German conductor, Helmuth Rilling was born on 29 May 1933. To
celebrate his seventieth birthday Hänssler Classics, for
whom he has recorded for many years, offer this box of 8 well-filled
CDs for the price of five.
choirs dominate these recordings, as they have dominated Rilling’s
career. As long ago as 1953 he founded the Gächinger Kantorei,
initially a forty-strong group, which took its name from the village
of Gächingen, just outside Stuttgart. Since then the group
has developed and can now muster a singing strength of between
24 and 100 or more, depending on the forces required for a particular
work. Since 1965 the choir has appeared regularly with the orchestra,
the Stuttgart Bach-Collegium, an ensemble which plays on modern
instruments and which, therefore, is just as well equipped to
perform romantic or modern music as it is to play the works of
Bach and his contemporaries. In 1970 Rilling’s career expanded
significantly across the Atlantic when he co-founded the Oregon
Bach Festival, with which he is still very closely associated.
think that anyone listening to these discs will be impressed by
Rilling’s obvious skill as a choral conductor. He strives, successfully,
for clarity of texture, attention to detail (especially in the
matter of dynamics) and unanimity of attack. His choirs are unfailingly
well balanced and the sound that they make is pleasing. One never
feels that the tone is being forced. The soprano line is generally
bright without descending into shrillness. The altos avoid any
suggestion of "pluminess". The tenors have a
good, bright, sappy tone and the bass line is firm without muddiness.
But there’s more to these performances than technical excellence.
Consistently I felt that Rilling is able to communicate that he
loves the music he is directing.
first two CDs give us a chance to hear him directing performances
of Schubert on both sides of the Atlantic. However, the oratorio
Lazarus offers few opportunities for the German
choir to show their mettle since the work as presented here contains
but two choruses. Schubert left the work incomplete, literally
breaking off half way through the seventh number of part two,
an aria for the character of Martha. When Helmuth Rilling recorded
the work in 1996 he commissioned the composer Edison Denisov to
write a completion of the oratorio. Denisov’s additions have been
omitted here. I have to say that the work does undoubtedly have
its longueurs. As you’d expect from such a vaunted composer
of lieder there is much easeful melody, and some drama, in the
succession of arias but the piece didn’t consistently engage my
attention (the lack of a printed text didn’t help) despite the
dedicated performances of Rilling and his fine team of soloists.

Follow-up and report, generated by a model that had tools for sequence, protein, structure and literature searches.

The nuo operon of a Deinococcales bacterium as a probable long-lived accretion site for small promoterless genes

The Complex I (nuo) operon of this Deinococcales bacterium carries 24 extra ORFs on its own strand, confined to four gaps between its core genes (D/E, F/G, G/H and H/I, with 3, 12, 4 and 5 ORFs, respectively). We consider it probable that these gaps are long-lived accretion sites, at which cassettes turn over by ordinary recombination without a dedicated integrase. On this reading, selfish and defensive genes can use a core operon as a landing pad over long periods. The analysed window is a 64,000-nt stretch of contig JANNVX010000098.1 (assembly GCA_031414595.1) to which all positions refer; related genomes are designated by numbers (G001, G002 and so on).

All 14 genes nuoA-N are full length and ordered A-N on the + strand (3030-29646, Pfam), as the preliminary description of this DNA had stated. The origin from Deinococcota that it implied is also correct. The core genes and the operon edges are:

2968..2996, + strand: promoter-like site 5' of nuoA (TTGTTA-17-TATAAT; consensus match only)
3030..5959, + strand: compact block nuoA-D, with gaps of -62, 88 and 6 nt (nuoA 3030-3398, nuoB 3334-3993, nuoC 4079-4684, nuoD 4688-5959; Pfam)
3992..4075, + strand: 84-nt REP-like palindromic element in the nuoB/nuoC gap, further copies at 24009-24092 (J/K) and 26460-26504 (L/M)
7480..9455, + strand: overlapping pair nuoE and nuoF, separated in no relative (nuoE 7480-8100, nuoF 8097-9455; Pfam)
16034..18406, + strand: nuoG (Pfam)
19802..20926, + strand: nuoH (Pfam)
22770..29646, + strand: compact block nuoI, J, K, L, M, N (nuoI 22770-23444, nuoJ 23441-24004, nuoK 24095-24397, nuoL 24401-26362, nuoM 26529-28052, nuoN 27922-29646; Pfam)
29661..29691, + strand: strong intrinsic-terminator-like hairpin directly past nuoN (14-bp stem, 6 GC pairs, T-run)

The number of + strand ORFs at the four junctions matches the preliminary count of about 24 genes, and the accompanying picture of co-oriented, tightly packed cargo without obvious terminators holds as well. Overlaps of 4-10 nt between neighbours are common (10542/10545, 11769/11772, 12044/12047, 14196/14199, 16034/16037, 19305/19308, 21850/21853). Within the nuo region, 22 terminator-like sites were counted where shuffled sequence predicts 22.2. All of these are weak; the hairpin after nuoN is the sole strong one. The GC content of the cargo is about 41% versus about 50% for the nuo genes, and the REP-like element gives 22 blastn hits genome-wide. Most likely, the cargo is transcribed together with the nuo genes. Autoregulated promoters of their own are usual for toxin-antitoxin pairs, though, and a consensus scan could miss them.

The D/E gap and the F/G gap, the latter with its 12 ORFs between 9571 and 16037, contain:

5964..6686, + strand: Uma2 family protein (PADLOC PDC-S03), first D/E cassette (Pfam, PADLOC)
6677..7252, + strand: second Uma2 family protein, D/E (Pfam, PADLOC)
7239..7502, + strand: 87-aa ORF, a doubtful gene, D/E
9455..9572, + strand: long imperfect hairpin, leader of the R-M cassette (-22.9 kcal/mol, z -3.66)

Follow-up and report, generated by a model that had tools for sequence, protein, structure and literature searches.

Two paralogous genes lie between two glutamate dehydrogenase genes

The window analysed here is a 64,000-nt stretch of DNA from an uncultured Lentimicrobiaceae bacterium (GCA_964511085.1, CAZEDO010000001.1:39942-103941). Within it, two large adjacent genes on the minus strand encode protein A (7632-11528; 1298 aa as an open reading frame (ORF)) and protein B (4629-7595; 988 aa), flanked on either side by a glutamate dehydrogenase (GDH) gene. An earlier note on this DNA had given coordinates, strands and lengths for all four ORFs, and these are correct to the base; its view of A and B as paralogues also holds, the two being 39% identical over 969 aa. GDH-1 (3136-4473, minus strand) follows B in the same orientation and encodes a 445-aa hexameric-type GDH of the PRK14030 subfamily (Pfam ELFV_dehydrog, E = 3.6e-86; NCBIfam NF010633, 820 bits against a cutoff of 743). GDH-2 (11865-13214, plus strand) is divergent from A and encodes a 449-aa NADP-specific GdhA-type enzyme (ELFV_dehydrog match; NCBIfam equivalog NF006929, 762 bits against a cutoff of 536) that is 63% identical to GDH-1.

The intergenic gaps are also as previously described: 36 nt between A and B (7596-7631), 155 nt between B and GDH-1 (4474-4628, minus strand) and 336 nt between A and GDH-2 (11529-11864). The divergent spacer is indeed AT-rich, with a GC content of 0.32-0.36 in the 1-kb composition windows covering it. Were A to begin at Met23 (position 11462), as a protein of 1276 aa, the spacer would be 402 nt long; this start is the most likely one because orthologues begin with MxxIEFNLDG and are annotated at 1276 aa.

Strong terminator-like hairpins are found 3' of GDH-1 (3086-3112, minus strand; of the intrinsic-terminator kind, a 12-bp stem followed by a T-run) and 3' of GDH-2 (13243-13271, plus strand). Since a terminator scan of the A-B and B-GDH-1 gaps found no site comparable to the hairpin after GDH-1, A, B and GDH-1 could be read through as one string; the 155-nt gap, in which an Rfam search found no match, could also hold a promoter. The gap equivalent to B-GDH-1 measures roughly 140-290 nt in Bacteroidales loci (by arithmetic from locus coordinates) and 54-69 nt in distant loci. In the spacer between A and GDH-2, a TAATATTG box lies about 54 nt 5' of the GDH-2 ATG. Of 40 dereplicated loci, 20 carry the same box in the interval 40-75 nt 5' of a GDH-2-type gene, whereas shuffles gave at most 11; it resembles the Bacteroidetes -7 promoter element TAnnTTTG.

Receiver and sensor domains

are on much more familiar ground with Schubert’s fine Mass
in A flat, recorded in the USA. With the benefit of the tighter
structure imposed by the text of the Ordinary of the Mass Schubert
produced this time a much tauter and effective piece. The performance
is very good indeed with excellent soloists and a fine contribution
by the choir. The robust passages, such as the sturdy fugues,
come off well but it is the softer passages that especially catch
coupling for the Schubert Mass is Mendelssohn’s setting of Psalm
42.It was only recently that I gave a warm welcome to Rilling’s
reissued recordings of Mendelssohn’s two great oratorios, Paulus
and Elijah. Here, in this shorter piece, he exhibits
once again his credentials as a doughty champion of Mendelssohn.
In this work the fingerprints of the composer of Elijah
are all over the score. The bulk of the solo work is given to
the soprano and, happily, Sibylla Rubens excels. Hers is essentially
a silvery voice but she is more than capable of injecting a touch
of steel where required. This may not be a masterpiece on the
level of Elijah but Rilling makes out a very good case
disc and a half are devoted to Dvoŕák’s Stabat Mater.
At first I feared I wasn’t going to like the performance but
as it progressed I warmed much more to it and if any listeners
have similar initial feelings I’d encourage them to persevere;
it’s worth it. I think the trouble at the start is that Rilling
is too pensive. His performance doesn’t have quite the same supple
flow that we find in Rafael Kubelik’s 1976 DG version. Nor does
Rilling’s orchestra have the tonal resource possessed by the Dresden
Staatskapelle for Giuseppe Sinopoli in his dramatic account (also
Rilling’s is rather a soft-grained approach (an impression which
may be magnified by the recording itself which I found was best
played back at a slightly higher level than usual.) He has a very
good solo quartet at his disposal (though I have a marginal preference
for Kubelik’s team) and they are well integrated as a team as
is clear, for instance, in the ‘Quis est homo’ quartet (though